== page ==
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Version: 1.0
(July 25, 2005)

Ode to The Allen Wrench

Jan 11, 2013 by Ugh
Fuck you. That is all.

Comments

Jan 12, 2013, 07:48:24 John Thullen wrote:

My feelings exactly.

Try as I might, I can't find anything wrong with your formulation.

I'm glad we've found middle ground, for once.

Jan 13, 2013, 06:30:30 nous wrote:

...and your first cousin, Torx.

Jan 14, 2013, 07:31:29 russell wrote:

i have to admit, i have no problem with allen wrenches.

the fitments i hate are the panheads that have a phillips cross, but one of the slots is deeper than the other, so it can masquerade as a plain flat-slot screw.

it's half-assed, and functions well neither as phillips or flat.

get offa the fence, i say. because you are neither hot nor cold, i spew you out of my mouth.

Jan 14, 2013, 09:02:23 sapient wrote:

When I found out what Allen wrenches were (kind of recently, a couple of years ago) I was so grateful. In fact, I kind of felt good.

I bought a set and left them in my car, and you would have no idea how many times they have come in handy for non-wrench purposes. I mean, when you think outside the box, they are there, in your car.

Jan 14, 2013, 22:16:14 Slartibartfast wrote:

I've had an N-in-one set of hex keys for almost three decades, now. Allen wrenches are only problematic to me when they're used in poorly dimensioned and poorly constructed fasteners. Which usually means the fit is poor AND the key depth is far too shallow. I've had to put quite a bit of torque on an Allen fastener, but it was one of those bolts whose head is quite deep; even taller than it was wide. Bottom line: if it's deep enough, an Allen bolt works just fine.

That said, nearly all of the assemble-it-yourself furniture uses fasteners of the poorly-designed variety. Makers of that kind of stuff are, I fervently hope, doomed to some kind of afterlife retribution.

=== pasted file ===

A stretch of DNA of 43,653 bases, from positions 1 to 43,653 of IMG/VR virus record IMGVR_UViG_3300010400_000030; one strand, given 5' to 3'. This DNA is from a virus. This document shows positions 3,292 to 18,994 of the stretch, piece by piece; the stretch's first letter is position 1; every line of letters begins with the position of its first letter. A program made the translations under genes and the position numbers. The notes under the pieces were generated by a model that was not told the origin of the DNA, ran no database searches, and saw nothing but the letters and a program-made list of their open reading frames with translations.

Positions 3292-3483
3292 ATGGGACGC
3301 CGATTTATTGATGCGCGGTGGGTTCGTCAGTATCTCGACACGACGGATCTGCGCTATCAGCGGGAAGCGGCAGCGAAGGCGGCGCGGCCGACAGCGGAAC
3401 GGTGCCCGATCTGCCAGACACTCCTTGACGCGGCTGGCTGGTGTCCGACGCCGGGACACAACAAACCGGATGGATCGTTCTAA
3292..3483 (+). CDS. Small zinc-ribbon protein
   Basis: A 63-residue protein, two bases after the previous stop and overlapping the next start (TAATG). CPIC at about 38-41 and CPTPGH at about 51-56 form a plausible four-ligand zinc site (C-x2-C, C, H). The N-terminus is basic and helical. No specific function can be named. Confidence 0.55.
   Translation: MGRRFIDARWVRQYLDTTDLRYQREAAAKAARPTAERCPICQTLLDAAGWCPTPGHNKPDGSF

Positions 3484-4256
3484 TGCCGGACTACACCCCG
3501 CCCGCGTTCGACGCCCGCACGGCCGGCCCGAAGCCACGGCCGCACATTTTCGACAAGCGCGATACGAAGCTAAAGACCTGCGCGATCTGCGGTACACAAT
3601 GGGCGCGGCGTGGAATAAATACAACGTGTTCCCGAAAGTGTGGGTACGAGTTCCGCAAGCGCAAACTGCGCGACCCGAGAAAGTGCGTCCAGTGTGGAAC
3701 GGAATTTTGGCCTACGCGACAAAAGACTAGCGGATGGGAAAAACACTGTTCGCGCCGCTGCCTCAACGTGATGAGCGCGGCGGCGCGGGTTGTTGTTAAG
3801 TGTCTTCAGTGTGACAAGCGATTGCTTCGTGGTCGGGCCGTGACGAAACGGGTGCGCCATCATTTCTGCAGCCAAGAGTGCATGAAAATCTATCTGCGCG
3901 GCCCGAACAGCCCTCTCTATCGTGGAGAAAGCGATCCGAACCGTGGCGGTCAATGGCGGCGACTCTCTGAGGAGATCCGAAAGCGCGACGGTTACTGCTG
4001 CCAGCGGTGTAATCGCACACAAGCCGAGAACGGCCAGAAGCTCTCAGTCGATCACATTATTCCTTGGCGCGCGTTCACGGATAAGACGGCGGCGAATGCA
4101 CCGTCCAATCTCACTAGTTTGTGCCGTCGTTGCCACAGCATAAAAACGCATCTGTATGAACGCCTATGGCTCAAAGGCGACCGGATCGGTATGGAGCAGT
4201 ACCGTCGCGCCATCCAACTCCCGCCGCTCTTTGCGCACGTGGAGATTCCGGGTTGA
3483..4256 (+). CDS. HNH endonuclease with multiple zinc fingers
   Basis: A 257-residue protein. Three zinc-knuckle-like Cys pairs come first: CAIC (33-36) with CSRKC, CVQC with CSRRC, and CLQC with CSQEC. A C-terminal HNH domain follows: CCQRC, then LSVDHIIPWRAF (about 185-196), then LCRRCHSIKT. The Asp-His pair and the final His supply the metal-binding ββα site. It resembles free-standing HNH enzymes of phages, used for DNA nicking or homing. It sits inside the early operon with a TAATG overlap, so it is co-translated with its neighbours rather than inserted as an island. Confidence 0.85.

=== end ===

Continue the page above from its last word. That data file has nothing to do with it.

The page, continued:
I also have few problems with Torx fasteners, aside from the initial resistance to obtaining the proper bits.

Jan 16, 2013, 05:58:37 nous wrote:

Torx wrenches and fittings seem less well standardized than their scale and applications demand. Seems you need to have a few brands of Torx wrenches and a few different makes of screw to get a good fit and not strip the buggers. Part of this may be that the fittings aren't hardened enough, but I've had to replace them far more often than I'd prefer.

Jan 16, 2013, 20:55:08 Slartibartfast wrote:

Cheap Torx fasteners go right alongside cheap hex fasteners in work-of-Satan-ness.

Jan 16, 2013, 22:34:48 Ugh wrote:

Slarti hit on the source of my frustration - assemble-it-yourself furniture. In this case, it was two kid sized chairs and nearly impossible to fit the legs on the seat. Feh.

Jan 17, 2013, 02:56:15 Slartibartfast wrote:

"Fick sich" seems to be a decent German translation.

Maybe. I've never actually spoken German with a German. My German teacher was born a Pole.

Jan 17, 2013, 11:00:25 russell wrote:

... all "Fuck yous" should be rephrased as "Fuck one!" or "One must go fuck oneself" ...

we could try 'f**k the rhetorical you'.

or maybe fall back to an earlier, kinder, gentler generation and go with 'up your nose with a rubber hose'.

or maybe 'your mother wears army boots', which always struck me as a curious and amusing malediction.

after today's white house presser i imagine the opportunities will bloom like flowers after a spring rain.

Jan 21, 2013, 23:46:36 cleek wrote:

we need to add the square-head screw to the list of things which should not exist.

flat not good enough? phillips not good enough? hex not good enough? torx not gonna do it? square! yeah, square head!

Jan 22, 2013, 02:00:38 russell wrote:

in the world of drums, there is one universal standard screw that is used for virtually everything, and it has a square head, which is driven by a drum key.

absolutely universal. every manufacturer, every drum product that uses a screw for tuning or general attachment of parts, everywhere around the world. thousands and thousands and thousands of products.

except for one and only one exception.

Sonor drums, made in Germany, uses a round-headed lug screw, which has a slot. to replace or tune heads on Sonor drums, you must use a Sonor drum key.

so, I carry not one but two drum keys on my key ring.

stupid Germans.

nice drums, though.

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